145 Allen St., Buffalo, NY 14201
Web: Gabriel's Gate
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Bars Buffalo Elmwood Favorites Ribs Wings
"The chicken wings aren't strictly traditional Buffalo-style, but they're great - a word we don't use often where wings are concerned - so we can understand why people would look the other way."
If you've been reading Buffalo Chow for any length of time, you probably know that we're serious chicken wing fans: from local bars and take-outs to famous wing places in foreign countries, we're always looking for the next great wing. So it shouldn't surprise you to learn that we receive lots of tips touting supposedly great wings that turn out to be really forgettable, or that there are only a handful of places that really, truly stand out from the rest. Gabriel's Gate is one of them. On the outside, this charmingly weathered, semi-restored Allen Street bar looks like most of the other plain brick buildings at the far end of Buffalo's Elmwood strip, but inside, the venue has character, with almost comical big game trophy heads on the walls, worn but classical wooden benches for booth seating, and a long bar in the back. We're not assigning a star rating at this point, but we wanted to spotlight two of the Gate's best-known items, as well as a third that we really enjoyed on a recent visit.
Ribs Fit For A Hungry Caveman. Ribs are fattening, unhealthy, and low on the totem pole of meat quality, but we love them, and always on the lookout for great options. Good news: Gabriel's Gate serves great ribs - objectively great ones that would lead us to question the sanity of any person who would raise more than a minor objection to them. Though they're pork ribs, they're as massive as typical beef bones, glazed with a mostly sweet barbecue sauce, and individually cooked to a tenderness that approximates the texture of taut sausage; the opposite and entirely worthy rival of "fall off the bone" versions. Given the price - the truly huge half-rack plate shown above was $13 including fries and slaw - we'd say that rib meat this good and plentiful is almost past the point of criticism, and would only benefit from more tang in the sauce, and crunch in the fries. Everything else, including the fresh, just-moist-enough slaw, was spot-on.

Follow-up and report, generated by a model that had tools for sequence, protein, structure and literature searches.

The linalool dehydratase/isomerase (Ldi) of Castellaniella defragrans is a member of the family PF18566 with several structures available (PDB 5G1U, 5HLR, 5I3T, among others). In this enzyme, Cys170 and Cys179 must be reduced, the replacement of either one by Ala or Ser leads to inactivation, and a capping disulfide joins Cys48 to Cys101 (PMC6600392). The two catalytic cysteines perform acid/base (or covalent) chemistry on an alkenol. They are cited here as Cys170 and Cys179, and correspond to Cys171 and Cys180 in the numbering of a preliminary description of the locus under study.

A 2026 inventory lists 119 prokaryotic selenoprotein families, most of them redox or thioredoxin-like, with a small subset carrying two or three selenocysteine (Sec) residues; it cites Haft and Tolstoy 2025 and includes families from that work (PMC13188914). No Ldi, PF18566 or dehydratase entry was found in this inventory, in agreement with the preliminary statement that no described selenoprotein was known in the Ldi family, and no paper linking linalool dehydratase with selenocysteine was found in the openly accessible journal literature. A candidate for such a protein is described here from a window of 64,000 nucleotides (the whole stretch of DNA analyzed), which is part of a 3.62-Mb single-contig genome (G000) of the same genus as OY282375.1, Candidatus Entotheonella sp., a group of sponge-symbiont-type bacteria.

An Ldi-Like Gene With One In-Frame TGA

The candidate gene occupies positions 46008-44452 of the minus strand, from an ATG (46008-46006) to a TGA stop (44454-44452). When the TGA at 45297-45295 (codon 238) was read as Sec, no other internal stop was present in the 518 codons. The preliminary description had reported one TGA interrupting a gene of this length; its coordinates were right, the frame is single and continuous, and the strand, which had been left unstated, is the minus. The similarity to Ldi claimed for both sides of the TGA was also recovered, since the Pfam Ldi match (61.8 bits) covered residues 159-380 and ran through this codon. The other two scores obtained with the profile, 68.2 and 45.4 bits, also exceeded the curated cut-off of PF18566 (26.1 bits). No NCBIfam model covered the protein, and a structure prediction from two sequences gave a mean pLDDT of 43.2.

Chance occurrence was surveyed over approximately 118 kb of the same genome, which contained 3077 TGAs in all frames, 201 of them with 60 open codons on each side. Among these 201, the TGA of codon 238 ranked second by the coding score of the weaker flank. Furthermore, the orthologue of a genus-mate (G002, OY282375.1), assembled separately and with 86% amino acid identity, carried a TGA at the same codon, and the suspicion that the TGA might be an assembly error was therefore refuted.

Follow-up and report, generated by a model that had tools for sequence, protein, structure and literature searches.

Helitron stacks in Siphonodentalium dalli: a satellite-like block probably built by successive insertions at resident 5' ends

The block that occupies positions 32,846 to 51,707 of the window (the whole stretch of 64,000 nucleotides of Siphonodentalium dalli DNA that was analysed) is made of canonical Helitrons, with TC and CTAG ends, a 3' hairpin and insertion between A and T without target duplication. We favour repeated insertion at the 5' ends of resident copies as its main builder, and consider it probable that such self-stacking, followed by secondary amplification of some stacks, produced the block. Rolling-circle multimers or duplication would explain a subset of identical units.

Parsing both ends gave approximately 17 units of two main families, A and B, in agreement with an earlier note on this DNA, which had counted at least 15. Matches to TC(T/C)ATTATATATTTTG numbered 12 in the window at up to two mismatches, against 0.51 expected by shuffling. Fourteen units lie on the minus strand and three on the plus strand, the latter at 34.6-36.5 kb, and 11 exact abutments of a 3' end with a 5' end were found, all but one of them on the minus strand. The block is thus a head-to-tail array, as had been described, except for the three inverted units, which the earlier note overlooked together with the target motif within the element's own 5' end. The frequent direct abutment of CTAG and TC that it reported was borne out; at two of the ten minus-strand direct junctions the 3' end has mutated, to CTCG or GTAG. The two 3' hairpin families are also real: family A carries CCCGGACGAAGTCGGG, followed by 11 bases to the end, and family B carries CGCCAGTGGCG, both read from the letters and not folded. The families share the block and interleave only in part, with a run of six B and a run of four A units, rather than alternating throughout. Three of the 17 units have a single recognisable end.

Untraditional But Memorable Wings. Two points need to be made up front about the wings at Gabriel's Gate. First, despite appearances, they're not strictly traditional Buffalo-style chicken wings, so we wouldn't hold them up as a pure example of the classic recipe. Second, they're actually great - a word we don't use often where wings are concerned - so we can understand why people would be willing to look the other way. In addition to their meaty, jumbo- and near-jumbo sizes, they come in a red pepper hot sauce that has been liberally dosed with black pepper, delivering a second punch of spice after the expected first one hits your tongue. While the resulting flavor's different from the classic Buffalo recipe and thus unlike the wings you'd find at almost any other local restaurant, it's a highly worthwhile alternative, like a local version of the spicy Korean and Japanese (Osaka, Nagoya) wings we've recently covered here. Given their size and strong flavor, the $9 asking price for 10 wings is fair enough; we could have eaten twice as many.
A Souvlaki Surprise. As the venue suggests, the menu at Gabriel's Gate is primarily tavern fare - potato skins, nachos, soups and wings alongside $6 to $9 sandwiches and salads, plus a N.Y. Strip Steak, chicken, and seafood entree assortment in the $12 to $22 range. From the salad menu, we selected the surprisingly solid Garden Beef Souvlaki ($9), a huge bowl that was packed with fresh ingredients in their prime: most obvious were the grilled yet still tender, properly marinated pieces of beef on top, but everything from the feta cheese and red onions to the lettuce and tomatoes was just right - even the pita tasted like it had been given a perfect little finishing touch in the oven right before coming out. While a Souvlaki plate isn't exactly a master-quality dish, the Gate did better with the ingredients and prep than most of the Greek restaurants around here, and that's saying something.
But not everything at Gabriel's Gate was impressive: a cup of the French Onion Soup ($3) was lackluster, with rubbery cheese and too little going on in the broth, onions, or croutons. Additionally, though we were generally pleased by the friendliness and attentiveness of our server, a few drink-related requests were forgotten, and a collective discussion of the staff's extracurricular activities was a distraction throughout the meal. Those expecting perfection will do best to arrive with the understanding that this is, after all, a bar, though its uncommonly impressive food and unique character make it a real local standout, and particularly worthy of a visit for wing and rib fans.